Ten Steps To Get Out Of Confusion Fast

1. Pull yourself out of your current thoughts and environment

2. Get yourself to the present moment and clearly define the situation causing your confusion

3. Breathe ten breaths

4. Create some space to think

5. Write down the facts of what is happening

6. Gather information and identify the options available to you

7. Weigh your options and the pros, cons and feasibility of each

8. Make a plan to move forward

9. Reach clarity on how you will execute the plan

10. Acknowledge that you are no longer confused!

 

photo: StuartMiles, FreeDigitalphotos.net

 

Free Flow Management 3 – Visioning

Free Flow Management (see previous blog post ) creates freedom for your team, encouraging innovation and the flow of ideas. There are times, as a manager, when you want to start from scratch and find completely new approaches and solutions in your work. One of the most effective tools I have found for this is visioning.

Visioning is an intuitive process that lets go of mind chatter and allows your team to innovate.  Say for example, you are looking for a solution to a design problem or are looking to find a new approach for customer service, visioning may be a useful tool for you and your team to get there.

It is best to keep visioning simple.  Bring your team together, for about 30 minutes, in a place where you will not be interrupted. Prior to the meeting, design 3 to 4 general questions relating to what you want to do. For example, how do we solve the water retention issue in our design or what is the best incentive we can give our customers. Open the meeting by saying that the visioning is intended to quiet the mind and access intuitive knowledge. You will be asking a series of questions. The team should trust their intuition and pay attention to the first thing that comes in their mind – it may be a word, a feeling, a picture – they should not judge, just allow it to come. There is no right or wrong. If nothing comes, that’s okay, too. Sometimes, it takes time to acclimate to visioning. Team members can have a notebook, if they want to write.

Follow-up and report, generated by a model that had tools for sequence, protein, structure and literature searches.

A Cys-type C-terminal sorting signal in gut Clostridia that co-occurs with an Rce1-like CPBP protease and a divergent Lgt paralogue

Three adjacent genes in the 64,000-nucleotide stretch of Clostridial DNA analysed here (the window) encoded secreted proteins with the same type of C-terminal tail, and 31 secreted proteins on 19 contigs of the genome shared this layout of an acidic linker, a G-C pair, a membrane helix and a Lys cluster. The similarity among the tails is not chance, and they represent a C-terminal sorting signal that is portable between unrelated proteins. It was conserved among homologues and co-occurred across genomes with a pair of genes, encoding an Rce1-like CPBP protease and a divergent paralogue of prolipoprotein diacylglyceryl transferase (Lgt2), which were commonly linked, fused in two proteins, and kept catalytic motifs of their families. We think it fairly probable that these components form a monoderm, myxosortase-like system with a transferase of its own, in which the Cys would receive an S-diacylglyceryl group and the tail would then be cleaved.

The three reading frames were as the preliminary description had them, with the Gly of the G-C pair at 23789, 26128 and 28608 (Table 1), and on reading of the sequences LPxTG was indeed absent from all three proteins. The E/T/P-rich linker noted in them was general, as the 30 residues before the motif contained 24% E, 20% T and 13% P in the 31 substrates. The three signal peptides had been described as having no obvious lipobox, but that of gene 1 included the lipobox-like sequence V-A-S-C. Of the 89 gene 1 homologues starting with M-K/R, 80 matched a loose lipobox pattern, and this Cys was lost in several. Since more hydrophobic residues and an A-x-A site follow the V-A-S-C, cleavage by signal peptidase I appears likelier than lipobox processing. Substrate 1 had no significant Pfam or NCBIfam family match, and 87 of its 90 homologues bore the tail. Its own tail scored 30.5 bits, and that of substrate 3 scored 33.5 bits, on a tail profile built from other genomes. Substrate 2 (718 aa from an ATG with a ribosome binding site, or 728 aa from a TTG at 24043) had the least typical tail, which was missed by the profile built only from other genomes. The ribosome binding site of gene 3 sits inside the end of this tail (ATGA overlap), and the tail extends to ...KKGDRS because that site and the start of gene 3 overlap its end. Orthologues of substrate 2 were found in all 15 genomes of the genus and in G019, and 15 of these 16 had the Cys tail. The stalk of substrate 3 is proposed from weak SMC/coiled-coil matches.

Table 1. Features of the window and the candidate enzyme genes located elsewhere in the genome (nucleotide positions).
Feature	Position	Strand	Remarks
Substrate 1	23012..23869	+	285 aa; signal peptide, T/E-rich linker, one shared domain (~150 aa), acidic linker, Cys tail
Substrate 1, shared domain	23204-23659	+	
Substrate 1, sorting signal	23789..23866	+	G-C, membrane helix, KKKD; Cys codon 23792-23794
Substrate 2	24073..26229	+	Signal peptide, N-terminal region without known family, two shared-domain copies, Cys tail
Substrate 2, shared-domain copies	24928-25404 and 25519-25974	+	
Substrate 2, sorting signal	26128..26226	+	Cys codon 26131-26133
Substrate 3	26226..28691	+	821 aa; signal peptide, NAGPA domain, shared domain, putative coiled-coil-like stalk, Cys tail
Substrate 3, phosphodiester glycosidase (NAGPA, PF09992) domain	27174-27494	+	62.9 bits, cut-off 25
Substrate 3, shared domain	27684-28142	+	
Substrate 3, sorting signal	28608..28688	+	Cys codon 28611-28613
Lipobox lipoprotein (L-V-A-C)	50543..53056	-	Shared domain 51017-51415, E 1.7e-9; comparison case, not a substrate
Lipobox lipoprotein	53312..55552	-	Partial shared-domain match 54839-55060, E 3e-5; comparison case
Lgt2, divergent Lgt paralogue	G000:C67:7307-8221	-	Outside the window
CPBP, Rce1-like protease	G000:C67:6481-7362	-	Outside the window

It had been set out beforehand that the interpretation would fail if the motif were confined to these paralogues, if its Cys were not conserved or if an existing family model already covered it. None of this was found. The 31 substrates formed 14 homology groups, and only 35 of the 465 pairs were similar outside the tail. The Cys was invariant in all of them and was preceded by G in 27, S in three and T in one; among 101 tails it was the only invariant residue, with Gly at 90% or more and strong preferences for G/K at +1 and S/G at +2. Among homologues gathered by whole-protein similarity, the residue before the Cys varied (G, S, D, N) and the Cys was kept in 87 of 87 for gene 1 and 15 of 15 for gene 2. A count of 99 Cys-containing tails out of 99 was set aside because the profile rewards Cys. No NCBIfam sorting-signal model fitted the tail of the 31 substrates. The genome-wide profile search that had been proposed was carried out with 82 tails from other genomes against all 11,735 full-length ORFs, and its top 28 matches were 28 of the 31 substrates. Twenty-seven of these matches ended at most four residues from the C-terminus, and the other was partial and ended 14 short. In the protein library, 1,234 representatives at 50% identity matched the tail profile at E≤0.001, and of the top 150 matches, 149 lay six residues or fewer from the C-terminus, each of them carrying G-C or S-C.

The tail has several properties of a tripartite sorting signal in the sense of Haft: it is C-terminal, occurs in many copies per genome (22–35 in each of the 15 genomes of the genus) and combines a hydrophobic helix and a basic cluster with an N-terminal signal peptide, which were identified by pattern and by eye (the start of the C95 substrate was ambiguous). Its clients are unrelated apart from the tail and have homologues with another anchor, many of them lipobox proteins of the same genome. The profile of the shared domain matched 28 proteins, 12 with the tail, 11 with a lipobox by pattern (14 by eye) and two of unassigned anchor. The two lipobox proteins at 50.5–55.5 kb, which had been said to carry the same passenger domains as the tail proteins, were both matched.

When ready, ask everyone to center themselves quietly. Suggest they close their eyes. Sometimes team members can be uneasy with this. At a minimum, there should be no conversation during the visioning. Then, ask your questions with a few minutes in between each one. Once the visioning is over, ask team members to share what they have visioned. Look for commonalities and record the ideas that are brought forward.

If this tool appeals to you, you may want to start on a volunteer basis with a small group. I have found, over the years, that visioning is a creative, powerful and productive tool that leads to good solutions and positive team engagement. If you have any questions about visioning, please let me know. I’d enjoy hearing about any visioning sessions you have with your team and how they go!

photo: by Stuart Miles, FreeDigitalPhotos.net

What Are Your Pain Points As A Manager?

I recently had a discussion with a colleague about pain points. She asked me what pain points managers have and suggested I address them.

Pain Points are problems that you want or need to solve to relieve the distress, dysfunction or difficulties they cause you. What are your pain points as a manager? How can this Blog help you to solve them?

 

Photo: FreeDigitalPhotos.net